New Iran sanctions appear as old sanctions lift for nuclear deal compliance

Many sweeping sanctions ended with the news that Iran's nuclear program has complied with a landmark agreement. But a new round of limited sanctions were announced Sunday in response to an October missile test that violated a United Nations ban. In addition, Iran released four Iranian-Americans in a trade for seven Iranians held in the U.S. Hari Sreenivasan reports.

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    Washington and Tehran faced each other in a new light today, but it was clear that decades of division will not disappear overnight.

    The latest point of dispute: new sanctions that appeared, even as old ones melted away.

    Hari Sreenivasan begins our coverage.


    The new sanctions aimed at Iran's ballistic missile program sparked fresh criticism from Tehran, after a weekend of milder words.

  • HOSSEIN JABERI ANSARI, Spokesman, Iranian Foreign Ministry (through interpreter):

    The Islamic republic of Iran, as it has made clear in the past, will respond to such acts of propaganda and harassment by following its legitimate missile program more seriously and boosting its defensive and national security capabilities.


    The limited sanctions announced Sunday followed a missile test in October that violated a United Nations ban. Far more sweeping sanctions are ending, after Saturday's announcement that Iran's nuclear program has complied with a landmark agreement.

    President Obama hailed the accord's formal implementation in a Sunday appearance at the White House.


    Under the nuclear deal that we, our allies and partners reached with Iran last year, Iran will not get its hands on a nuclear bomb.


    Under the agreement, Iranian technicians removed the reactor core at the Arak nuclear site, effectively ending its production of plutonium for a possible weapon. The regime also cut the number of centrifuges at its Fordow and Natanz sites for enriching uranium. And it shipped tons of low-enriched uranium materials to Russia.

    As the nuclear deal came to full power, Iran released four imprisoned Iranian-Americans. They include Washington Post reporter Jason Rezaian, former U.S. Marine Amir Hekmati, and Pastor Saeed Abedini. Rezaian, Hekmati and Abedini are now undergoing physical and psychological evaluations at the U.S. military's Landstuhl Regional Medical Center in Germany. Family members gathered there today to be reunited.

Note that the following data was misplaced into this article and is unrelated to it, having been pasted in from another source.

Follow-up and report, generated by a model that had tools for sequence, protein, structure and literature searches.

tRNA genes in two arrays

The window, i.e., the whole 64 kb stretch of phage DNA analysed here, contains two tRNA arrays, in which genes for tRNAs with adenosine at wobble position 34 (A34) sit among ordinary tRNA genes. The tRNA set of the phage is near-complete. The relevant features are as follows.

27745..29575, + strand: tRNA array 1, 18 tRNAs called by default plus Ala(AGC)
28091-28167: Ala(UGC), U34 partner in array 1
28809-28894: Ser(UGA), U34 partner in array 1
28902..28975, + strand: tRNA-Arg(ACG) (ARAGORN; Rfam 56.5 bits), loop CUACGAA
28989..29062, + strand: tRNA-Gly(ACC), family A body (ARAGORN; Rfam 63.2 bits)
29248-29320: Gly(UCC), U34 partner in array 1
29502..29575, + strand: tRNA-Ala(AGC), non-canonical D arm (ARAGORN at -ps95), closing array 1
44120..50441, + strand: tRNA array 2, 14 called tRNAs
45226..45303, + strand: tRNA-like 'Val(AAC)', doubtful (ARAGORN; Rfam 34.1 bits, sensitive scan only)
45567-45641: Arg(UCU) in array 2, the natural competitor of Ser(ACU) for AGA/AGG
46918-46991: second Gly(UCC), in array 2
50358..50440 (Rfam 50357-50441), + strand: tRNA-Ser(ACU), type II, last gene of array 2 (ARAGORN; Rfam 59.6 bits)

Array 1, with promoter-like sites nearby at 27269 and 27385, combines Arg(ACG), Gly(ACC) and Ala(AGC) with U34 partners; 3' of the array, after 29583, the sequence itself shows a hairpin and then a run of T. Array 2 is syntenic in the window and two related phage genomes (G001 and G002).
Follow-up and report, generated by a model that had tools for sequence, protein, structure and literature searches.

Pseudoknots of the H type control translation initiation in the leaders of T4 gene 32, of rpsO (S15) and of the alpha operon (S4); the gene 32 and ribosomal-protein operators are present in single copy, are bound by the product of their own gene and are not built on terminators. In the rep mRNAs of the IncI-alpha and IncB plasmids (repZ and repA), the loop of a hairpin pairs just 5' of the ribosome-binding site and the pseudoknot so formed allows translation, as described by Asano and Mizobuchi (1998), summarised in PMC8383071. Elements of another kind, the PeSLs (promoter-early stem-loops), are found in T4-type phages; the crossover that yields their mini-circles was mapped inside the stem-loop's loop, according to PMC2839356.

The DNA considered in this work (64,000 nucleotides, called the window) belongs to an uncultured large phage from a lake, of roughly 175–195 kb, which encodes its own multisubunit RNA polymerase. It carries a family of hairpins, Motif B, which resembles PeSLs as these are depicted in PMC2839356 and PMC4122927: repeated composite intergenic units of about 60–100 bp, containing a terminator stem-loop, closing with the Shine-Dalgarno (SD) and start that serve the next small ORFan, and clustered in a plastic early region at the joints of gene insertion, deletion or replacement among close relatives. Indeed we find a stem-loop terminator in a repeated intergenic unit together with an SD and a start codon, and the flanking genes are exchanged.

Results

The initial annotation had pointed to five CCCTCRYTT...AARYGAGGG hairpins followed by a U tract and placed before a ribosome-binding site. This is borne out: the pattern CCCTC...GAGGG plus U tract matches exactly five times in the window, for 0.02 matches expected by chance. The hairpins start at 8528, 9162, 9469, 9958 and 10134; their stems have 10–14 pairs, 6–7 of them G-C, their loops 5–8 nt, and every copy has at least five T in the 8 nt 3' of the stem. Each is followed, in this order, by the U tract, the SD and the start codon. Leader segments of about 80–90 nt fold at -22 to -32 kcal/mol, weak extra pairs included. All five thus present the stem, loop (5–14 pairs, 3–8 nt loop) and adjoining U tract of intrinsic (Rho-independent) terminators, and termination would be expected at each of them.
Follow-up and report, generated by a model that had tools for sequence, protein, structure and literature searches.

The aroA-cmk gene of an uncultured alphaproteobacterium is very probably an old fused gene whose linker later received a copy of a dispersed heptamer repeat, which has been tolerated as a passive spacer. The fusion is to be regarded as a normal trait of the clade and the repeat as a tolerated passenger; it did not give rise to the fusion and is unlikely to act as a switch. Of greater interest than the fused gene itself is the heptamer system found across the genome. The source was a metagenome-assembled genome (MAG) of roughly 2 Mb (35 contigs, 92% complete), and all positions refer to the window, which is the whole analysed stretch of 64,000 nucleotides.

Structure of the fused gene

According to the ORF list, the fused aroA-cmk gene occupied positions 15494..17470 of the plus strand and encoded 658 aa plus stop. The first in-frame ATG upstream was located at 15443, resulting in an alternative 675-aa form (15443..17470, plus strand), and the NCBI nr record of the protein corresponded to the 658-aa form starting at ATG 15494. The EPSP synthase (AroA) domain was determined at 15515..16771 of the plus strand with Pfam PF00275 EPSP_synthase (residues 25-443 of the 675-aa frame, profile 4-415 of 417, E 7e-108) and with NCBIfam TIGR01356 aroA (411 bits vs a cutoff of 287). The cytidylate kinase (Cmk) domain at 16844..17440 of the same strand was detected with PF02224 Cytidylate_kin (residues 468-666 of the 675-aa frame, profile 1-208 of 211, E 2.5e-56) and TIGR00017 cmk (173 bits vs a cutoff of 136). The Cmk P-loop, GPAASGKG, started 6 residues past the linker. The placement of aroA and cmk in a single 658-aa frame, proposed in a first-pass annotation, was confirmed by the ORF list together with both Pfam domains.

Rezaian's brother was among them.

    ALI REZAIAN, Brother of Released Prisoner, Jason Rezaian: Jason is in good spirits. He obviously is concerned to make sure that he works hard to get better. But he is also the same guy. He is not too depressed. He really seems to be in a good state of mind.


    Also released in the deal, Nosratollah Khosravi-Roodsari, who opted to remain in Iran, and, separately, a detained student, Matthew Trevithick, who returned home Sunday to Boston.

    In exchange, the U.S. Justice Department is releasing seven Iranians being held in the U.S. and dismissing charges against 14 fugitives. The swap went through despite last week's seizure of 10 American sailors by Iran in the Persian Gulf.

    Secretary of State John Kerry acknowledged today he'd been angry and frustrated by Iran's action. But both he and President Obama say the new improved relations with Iran helped resolve it quickly.


    Some folks here in Washington rushed to declare that it was the start of another hostage crisis. Instead, we worked directly with the Iranian government and secured the release of our sailors in less than 24 hours.


    Now the focus turns back to the nuclear deal and inspections to ensure Iran's compliance. The head of the U.N. nuclear watchdog met today with President Hassan Rouhani to discuss a way forward.

    Meanwhile, as sanctions end, it's been widely reported the Islamic republic will see a windfall of up to $150 billion. Secretary Kerry said today it's actually closer to half or a third of that amount. The end of sanctions also means Iran will pump more oil. The government announced today it's ramping up production by 500,000 barrels a day.

    For the "PBS NewsHour," I'm Hari Sreenivasan.


    We will have a full analysis of all of this after the news summary.

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